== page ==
Going through the motions
In an age where virtual reality has pushed and perfected motion controls, returning to the simplistic thrusts and swipes of old feels quite quaint. Still, the Nintendo Switch Joy-Cons are far more responsive beasts than the waggly Wiimotes, resulting in less frustration and more nuance when it comes to curveballs and minute directional inputs. Bowling is a great example of this, with the improved motion sensing of the Joy-Cons allowing you to add a satisfying amount of spin to each bowl.
Last up is another newcomer: football. I found this to be the most surprising of the new game modes, largely down to its complete inauthenticity. Where the other sports showcased all do their best to ape their inspirations, football ditches the realism for what is essentially a budget Rocket League. Here, up to four players run around a small pitch pursuing a gigantic ball. As expected this sees players taking full control of their avatar, using the analog stick to run around the pitch and a flick of the right Joy-Con to shoot. While perfectly serviceable, I couldn’t shake the feeling that I’d much rather be playing Rocket League. Still, it’s not without its merits. A highlight of this pretty bizarre mode is the diving header animation – where flicking both Joy-Cons simultaneously sees your player soaring through the air before flopping unceremoniously to the ground like a Magikarp chucked onto a football pitch.
The football sub-mode – shootout – fares a bit better. This fun little mode sees you donning the ring fit leg strap, and using the full power of your leg to launch the ball into the back of the net. In a nice touch, the more successful you are at penalties, the smaller the goal becomes, adding a nice bit of rubber banding to proceedings and keeping things tense, despite the skill gap.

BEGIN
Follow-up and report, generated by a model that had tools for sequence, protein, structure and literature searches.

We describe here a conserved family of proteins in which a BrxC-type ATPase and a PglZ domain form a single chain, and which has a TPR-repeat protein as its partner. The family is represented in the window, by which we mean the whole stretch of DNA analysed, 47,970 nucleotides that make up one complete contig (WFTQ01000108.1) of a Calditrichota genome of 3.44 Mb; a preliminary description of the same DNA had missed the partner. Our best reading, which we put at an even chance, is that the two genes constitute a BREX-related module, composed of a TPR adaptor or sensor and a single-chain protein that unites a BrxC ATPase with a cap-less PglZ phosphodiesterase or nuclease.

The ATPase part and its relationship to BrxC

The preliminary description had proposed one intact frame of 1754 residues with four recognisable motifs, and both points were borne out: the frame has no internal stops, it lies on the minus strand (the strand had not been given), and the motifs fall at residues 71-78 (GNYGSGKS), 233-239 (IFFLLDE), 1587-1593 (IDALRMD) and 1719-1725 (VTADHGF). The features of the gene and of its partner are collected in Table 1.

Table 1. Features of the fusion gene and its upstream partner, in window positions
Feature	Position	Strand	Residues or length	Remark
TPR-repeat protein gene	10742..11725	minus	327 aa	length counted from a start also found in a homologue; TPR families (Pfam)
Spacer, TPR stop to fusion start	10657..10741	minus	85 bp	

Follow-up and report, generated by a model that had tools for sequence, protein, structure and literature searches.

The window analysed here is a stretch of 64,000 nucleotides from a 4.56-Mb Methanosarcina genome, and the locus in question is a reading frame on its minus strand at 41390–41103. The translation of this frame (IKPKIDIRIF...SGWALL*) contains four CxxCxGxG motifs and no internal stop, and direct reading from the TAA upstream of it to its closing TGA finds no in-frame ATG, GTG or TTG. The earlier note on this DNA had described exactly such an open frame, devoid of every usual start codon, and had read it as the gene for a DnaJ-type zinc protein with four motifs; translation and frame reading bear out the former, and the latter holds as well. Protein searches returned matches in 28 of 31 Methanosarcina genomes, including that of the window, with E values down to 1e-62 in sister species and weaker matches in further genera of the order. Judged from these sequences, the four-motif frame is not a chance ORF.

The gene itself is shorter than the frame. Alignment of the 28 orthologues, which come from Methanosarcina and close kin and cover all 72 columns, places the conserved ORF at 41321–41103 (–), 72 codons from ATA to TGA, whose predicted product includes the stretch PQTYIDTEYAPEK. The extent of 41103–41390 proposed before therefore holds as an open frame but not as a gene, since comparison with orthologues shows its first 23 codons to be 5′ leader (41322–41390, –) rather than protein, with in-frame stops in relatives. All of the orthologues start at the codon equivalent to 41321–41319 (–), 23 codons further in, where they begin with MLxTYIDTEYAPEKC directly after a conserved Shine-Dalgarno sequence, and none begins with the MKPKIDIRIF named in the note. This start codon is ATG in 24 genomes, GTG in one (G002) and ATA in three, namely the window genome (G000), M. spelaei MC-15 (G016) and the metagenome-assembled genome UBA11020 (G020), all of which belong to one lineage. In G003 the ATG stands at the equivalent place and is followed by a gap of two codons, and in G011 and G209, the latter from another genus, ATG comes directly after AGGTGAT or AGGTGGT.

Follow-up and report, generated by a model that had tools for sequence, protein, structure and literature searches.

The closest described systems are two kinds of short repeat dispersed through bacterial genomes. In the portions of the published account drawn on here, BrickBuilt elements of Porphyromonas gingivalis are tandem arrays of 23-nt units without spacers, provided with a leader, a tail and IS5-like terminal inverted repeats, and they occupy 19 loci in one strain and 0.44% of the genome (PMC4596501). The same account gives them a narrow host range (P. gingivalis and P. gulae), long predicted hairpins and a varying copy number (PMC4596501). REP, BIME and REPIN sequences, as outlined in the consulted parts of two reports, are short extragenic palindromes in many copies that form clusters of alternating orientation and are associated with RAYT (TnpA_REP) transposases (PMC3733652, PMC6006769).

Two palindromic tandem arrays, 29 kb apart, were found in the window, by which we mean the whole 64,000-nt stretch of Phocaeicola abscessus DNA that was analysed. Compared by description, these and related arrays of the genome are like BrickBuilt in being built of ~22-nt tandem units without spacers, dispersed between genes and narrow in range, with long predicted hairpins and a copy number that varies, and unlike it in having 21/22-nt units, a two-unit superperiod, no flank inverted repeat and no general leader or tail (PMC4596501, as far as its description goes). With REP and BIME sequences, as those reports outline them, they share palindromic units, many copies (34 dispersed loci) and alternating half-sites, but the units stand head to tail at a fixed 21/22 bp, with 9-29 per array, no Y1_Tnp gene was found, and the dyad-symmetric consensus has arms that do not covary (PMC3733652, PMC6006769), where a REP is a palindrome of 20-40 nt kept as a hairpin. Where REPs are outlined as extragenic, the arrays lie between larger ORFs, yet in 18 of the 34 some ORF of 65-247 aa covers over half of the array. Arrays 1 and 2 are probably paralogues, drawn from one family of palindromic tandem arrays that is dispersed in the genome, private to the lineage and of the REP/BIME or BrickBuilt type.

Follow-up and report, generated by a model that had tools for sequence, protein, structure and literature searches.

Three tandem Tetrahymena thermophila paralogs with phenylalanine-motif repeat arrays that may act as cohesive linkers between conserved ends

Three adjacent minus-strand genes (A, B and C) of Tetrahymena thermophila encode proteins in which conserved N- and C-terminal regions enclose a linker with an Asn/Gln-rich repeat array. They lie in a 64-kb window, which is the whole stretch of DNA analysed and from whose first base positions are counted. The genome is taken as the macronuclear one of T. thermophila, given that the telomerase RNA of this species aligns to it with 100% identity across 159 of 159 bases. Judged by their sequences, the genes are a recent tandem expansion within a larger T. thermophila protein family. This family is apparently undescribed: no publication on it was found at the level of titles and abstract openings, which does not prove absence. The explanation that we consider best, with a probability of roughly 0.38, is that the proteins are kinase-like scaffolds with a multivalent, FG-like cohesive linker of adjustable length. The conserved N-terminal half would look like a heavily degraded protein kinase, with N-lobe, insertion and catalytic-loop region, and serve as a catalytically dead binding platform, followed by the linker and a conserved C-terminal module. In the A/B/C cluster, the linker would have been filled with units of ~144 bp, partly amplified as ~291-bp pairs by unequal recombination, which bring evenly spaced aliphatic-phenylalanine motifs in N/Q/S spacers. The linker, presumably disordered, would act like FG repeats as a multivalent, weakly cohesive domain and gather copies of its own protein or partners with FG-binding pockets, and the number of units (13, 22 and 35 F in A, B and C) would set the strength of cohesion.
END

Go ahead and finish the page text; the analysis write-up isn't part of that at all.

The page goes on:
Tennis, again feels largely identical – but as the old adage says, if it ain’t broke, don’t ruin it. Predictably it’s the racket sports that require the most excursion, with a series of intense tennis and badminton matches starting to work up a sweat. Interestingly, what I’ve seen of the game isn’t the be-all and end-all, with the game receiving free updates post-launch, including the addition of an entirely new sport – golf.
Overall, I had a blast during my brief time with Switch Sports. The only complaint is the seeming lack of modes for solo players. I’m told that playing online will allow you to further customize your shiny new avatar, with new cosmetic items and character customizations unlocked via online matches. Bowling will also feature a 12-player online Tournament Mode too, which was unavailable to test during my demo.
While online games will help give lonely players something to do, the lack of any kind of league mode or score attacks seems like a baffling omission in a release that’s taken almost 20 years to arrive. Still, at its heart, Nintendo Switch Sports looks set to achieve the same mission the original did all those years ago – to get families grinning and flailing around the TV together.
Nintendo Switch Sports launches on April 29, but for now why not check out the other upcoming Switch games to add to your wishlist.